Monday, January 14, 2008

Adam Neiman

Mussorgsky's "Pictures at an Exhibition" clearly holds no terrors for Adam Neiman. In a Washington Performing Arts Society recital Saturday at the Kennedy Center Terrace Theater, the pianist attacked this punishing score with admirable gusto. He consistently drew out color, rendered the thorniest passages with clarity and granitelike power and honored the programmatic aspects of the writing. There were some moments (an over-hastiness in the opening "Promenade," an improbably jaunty "Bydlo") where pianistic effect trumped storytelling sense. But overall, the music's pictorial elements emerged with vivid success.

If Neiman had an Achilles' heel during the program, it was his unwillingness to play softly. With phrasing of such scrupulous technical finish on display, it was curious that only a handful of measures dipped below mezzo-forte. The result was a certain unyielding quality to some of his musicmaking. Rachmaninoff's brooding Etude Tableau, Op. 39, No. 2, and Ravel's delicately neoclassical Sonatine, emerged as rather more extroverted works than usual in Neiman's boldly etched readings. And his virtuosic performance of Ravel's "Jeux d'Eau" didn't evoke splashing water so much as draw attention to some brilliant piano writing inspired by the splashing of water.

Bach's English Suite No. 2, which opened the recital, was metrical enough to set your watch to. But even if more light and shade might have been desired, Neiman's playing was so rigorous and crystalline that one could only marvel at it.

-- Joe Banno

Artis Quartet Vienna

Some claim that wine tasting is about more than appreciating flavors and aromas but rather, in each sip, finding something of the so-called terroir -- the characteristics given by the geography where the wine was made. Listening to the Artis Quartet Vienna at the Kennedy Center on Friday evening made one wonder whether something similar might go for string quartets. Not only was there much to appreciate in the suave musicmaking, but the transporting concert -- a presentation of the Washington Performing Arts Society -- said a great deal about the group's Austrian home base.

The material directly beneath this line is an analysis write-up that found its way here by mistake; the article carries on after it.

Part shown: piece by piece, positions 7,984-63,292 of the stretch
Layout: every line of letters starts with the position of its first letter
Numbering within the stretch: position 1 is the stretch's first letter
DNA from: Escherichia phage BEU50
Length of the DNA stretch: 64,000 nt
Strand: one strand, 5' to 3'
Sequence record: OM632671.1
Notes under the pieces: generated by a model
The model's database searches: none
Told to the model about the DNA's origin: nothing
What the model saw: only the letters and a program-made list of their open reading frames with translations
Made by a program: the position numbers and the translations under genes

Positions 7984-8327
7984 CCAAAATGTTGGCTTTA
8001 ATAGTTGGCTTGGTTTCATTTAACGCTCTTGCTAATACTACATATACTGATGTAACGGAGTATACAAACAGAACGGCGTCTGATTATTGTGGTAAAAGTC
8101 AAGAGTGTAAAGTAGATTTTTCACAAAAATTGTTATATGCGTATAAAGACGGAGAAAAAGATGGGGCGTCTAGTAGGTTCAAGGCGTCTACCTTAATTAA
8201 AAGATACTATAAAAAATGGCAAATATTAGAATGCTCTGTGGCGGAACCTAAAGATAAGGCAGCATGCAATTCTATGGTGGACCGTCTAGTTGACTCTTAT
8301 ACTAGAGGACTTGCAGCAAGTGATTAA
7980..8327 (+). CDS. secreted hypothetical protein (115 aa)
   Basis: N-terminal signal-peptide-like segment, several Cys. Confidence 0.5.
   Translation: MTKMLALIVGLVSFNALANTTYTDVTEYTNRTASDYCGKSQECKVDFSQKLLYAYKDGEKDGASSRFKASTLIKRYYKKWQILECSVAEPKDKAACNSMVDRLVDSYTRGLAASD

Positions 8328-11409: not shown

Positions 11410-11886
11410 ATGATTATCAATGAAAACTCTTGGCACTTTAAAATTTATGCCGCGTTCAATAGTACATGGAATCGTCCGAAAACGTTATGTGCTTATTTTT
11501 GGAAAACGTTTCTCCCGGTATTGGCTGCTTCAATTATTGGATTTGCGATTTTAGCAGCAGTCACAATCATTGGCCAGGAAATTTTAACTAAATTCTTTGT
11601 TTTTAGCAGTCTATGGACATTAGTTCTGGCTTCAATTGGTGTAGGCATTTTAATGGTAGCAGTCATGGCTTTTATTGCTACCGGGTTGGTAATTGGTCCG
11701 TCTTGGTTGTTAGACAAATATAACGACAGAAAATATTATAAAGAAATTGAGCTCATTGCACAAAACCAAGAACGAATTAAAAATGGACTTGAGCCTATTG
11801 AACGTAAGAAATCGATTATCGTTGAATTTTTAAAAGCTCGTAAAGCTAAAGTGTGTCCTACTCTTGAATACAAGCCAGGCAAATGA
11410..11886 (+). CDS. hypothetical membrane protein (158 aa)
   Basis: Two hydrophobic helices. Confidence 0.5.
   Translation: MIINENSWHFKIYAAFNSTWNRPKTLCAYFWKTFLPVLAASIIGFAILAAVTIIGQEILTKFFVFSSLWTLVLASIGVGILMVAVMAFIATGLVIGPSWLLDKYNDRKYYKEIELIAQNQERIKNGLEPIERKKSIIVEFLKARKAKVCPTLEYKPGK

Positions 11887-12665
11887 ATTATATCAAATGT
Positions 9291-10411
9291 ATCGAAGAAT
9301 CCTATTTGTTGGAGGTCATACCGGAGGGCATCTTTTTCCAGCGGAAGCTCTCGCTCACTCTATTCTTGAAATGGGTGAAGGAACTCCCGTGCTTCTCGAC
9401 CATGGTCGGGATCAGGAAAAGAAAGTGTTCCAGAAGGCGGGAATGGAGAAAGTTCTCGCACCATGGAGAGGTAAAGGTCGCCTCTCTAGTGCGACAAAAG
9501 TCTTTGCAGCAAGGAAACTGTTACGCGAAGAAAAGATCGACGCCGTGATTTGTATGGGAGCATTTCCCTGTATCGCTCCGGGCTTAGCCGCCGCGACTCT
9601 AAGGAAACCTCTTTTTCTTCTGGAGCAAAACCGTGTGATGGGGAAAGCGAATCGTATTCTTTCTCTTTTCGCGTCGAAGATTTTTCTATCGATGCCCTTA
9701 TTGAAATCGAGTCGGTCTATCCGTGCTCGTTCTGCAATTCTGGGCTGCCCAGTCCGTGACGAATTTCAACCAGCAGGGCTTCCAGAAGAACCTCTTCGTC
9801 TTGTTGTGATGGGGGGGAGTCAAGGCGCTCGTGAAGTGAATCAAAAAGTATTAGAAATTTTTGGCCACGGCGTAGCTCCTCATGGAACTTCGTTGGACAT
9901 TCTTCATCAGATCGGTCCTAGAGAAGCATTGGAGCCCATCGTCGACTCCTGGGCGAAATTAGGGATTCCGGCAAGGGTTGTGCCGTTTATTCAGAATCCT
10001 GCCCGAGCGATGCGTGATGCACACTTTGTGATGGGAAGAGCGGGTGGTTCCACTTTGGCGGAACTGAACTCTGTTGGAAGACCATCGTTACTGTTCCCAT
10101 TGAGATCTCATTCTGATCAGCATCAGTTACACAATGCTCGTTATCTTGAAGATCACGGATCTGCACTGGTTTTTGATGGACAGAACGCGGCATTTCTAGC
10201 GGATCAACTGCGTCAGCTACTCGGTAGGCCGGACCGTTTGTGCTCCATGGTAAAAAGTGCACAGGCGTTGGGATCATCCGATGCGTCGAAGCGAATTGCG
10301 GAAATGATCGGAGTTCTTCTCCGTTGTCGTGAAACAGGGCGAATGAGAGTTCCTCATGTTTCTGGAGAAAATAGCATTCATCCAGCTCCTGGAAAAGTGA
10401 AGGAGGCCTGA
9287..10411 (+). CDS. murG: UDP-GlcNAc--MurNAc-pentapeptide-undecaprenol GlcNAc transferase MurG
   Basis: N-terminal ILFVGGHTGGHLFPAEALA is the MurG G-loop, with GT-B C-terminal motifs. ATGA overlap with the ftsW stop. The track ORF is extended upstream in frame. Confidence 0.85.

For one thing, ghosts roam the Vienna streets and the town remains besotted with its past musical masters. The Artis Quartet carried scores of its most prominent residents, Mozart's String Quartet No. 14 in G (the first in the set of six dedicated to Haydn), Beethoven's beloved "Harp" Quartet and Brahms's haunting and lyrical A Minor Quartet, the second of three essays in the form. Oh, if only there were more time for some Schubert or perhaps Haydn himself. Too bad that Gustav Mahler never completed any string quartets, for they would surely have been program candidates.

Vienna is nothing if not refined and polished, and such were the hallmarks of the Artis Quartet's playing. Here was a sound far from the revved-up, weighty and eccentrically detailed style increasingly popular among some younger American quartets. In the formal elegance of Mozart, the fluent expression of Beethoven and the tight musical arguments of Brahms, the Artis sound was cut straight from the cloth of the tailored and blended European quartet tradition. And maybe Artis's graceful phrasing and keen awareness of structure were musical equivalents of Vienna's ornate architecture and imperial atmosphere.

-- Daniel Ginsberg

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